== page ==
'My First Ballet: Cinderella' review or 'We shall go to the ball!'

My First Ballet: Cinderella
Peacock Theatre, 12th April 2017
Written for Guardian online

It’s seven o’clock. My god-daughter Blue (aged six) should be in bed – but she’s staying up to watch My First Ballet: Cinderella. Blue’s biggest concern before the show: what dress will Cinderella wear and will it be blue? By the time Cinders makes it to the ball, Blue’s real world has disappeared. She turns to me with eyes glinting: “She’s here!” There’s magic in these glass slippers.

The show stars English National Ballet School students and has been choreographed – astutely if not extravagantly – by ENB graduate George Williamson. David Walker’s set and costumes have been swiped from the ENB collection and the dresses, in particular, are gorgeously romantic. They lend a grownup gloss to a student production that, understandably, occasionally falters.
The chorus is strong but it’s the solo sequences that sparkle. The dance of the seasonal fairies is a brilliant showcase and allows the young dancers to stretch out and express themselves. Rentaro Nakaaki is luminous as Spring, his great arching leaps full of hope and vitality. It’s one of the few moments that Prokofiev’s music (blasted out through loudspeakers) and the movement properly feed off each other.
Elsewhere, the story and dance is incessantly interrupted by Sarah Goddard’s narration, scripted by Adam Peck. Every exit and entrance is announced, every plot twist vocalised, every emotion carefully spelled out. It actually gets a bit silly. When the sisters squabble and tear a pretty scarf, the narrator points out: “It’s broken!” And when Cinderella’s golden carriage is grandly pulled on stage, the narrator coos: “Look, the magic’s working!”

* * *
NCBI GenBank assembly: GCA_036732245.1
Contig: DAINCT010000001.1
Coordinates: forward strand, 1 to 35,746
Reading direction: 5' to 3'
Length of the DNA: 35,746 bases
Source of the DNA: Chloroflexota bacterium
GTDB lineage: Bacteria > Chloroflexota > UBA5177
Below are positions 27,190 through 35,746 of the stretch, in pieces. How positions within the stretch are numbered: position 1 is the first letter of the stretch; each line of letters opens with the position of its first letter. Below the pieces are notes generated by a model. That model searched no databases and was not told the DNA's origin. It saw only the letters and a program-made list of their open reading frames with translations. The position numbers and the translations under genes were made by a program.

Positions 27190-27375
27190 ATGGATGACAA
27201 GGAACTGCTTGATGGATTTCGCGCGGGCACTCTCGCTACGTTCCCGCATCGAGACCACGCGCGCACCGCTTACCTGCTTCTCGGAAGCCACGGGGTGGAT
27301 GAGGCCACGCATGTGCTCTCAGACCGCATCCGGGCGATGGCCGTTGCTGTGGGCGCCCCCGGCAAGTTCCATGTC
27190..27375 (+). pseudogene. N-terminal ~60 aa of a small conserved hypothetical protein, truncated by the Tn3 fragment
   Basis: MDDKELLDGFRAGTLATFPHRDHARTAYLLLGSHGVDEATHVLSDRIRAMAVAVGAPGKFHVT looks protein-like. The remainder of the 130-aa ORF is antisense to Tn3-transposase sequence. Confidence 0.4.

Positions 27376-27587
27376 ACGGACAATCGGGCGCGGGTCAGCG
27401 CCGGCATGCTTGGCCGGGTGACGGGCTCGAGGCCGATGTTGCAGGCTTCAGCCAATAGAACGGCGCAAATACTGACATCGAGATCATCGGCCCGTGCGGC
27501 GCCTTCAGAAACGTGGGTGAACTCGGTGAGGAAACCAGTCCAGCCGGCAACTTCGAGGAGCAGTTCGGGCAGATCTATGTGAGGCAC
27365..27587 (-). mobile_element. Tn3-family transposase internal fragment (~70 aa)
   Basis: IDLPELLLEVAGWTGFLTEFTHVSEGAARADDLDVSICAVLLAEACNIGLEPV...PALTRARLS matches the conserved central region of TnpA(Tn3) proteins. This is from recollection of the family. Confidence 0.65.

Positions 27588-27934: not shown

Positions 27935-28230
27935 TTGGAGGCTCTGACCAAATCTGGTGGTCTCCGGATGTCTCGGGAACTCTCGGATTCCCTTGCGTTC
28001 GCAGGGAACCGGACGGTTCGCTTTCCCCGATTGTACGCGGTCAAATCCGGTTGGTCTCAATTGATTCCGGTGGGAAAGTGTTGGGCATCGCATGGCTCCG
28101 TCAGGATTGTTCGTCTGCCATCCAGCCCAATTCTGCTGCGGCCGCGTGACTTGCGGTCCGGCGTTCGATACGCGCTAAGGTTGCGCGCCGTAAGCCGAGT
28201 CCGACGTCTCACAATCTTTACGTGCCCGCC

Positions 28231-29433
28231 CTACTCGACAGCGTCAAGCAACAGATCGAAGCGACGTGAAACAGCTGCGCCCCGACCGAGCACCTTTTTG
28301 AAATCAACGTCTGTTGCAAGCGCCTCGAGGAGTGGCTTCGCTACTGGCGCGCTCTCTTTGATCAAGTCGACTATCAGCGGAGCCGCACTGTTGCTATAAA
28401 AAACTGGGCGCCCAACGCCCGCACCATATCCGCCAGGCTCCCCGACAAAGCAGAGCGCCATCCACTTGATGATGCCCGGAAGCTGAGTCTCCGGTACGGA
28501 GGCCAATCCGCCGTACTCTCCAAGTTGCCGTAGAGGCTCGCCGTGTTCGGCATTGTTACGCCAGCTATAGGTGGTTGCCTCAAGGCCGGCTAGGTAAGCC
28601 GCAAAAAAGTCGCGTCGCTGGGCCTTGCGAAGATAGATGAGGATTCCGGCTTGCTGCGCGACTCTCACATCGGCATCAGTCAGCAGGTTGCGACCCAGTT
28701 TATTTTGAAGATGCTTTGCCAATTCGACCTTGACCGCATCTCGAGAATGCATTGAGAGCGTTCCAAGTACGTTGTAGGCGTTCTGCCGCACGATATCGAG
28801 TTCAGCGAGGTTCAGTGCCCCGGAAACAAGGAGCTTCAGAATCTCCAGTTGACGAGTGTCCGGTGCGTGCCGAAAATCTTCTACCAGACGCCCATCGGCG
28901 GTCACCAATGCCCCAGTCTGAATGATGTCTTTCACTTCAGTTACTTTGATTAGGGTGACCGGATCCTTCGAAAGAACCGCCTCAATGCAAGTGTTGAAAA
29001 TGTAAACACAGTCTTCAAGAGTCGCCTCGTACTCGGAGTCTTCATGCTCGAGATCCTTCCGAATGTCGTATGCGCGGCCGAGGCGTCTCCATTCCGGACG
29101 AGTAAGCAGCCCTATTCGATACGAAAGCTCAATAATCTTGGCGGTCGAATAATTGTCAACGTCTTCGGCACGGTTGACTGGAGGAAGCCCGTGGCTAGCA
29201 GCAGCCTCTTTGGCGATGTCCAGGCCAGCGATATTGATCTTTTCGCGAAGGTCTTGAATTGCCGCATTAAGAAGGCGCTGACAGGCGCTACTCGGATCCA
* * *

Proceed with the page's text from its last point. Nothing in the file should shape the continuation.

During the interval, Blue asks why the characters aren’t talking. I struggle to explain that the dancing should speak for itself. There are a few precious moments when the choreography speaks directly to the children. Remi Nakano is a graceful Cinderella and her fluid movements contrast brilliantly with the hard lines of Cinder’s stepmother (Molly Hall) and stepsisters. It’s obvious just from looking at Cinderella dance that she is different.
But it’s the humour that provokes the most spontaneous reactions. There’s a cracking scene at the ball, when the stepsisters fail miserably to dance with the Prince. Alejandra Plaza González is a natural comic and as she is dragged about the dancefloor – legs outstretched – the children squeal. As the clock strikes 12 and the chorus angrily chop their arms, anxiety infects the audience. The girl behind me starts to dance in her seat, the story now living inside her.


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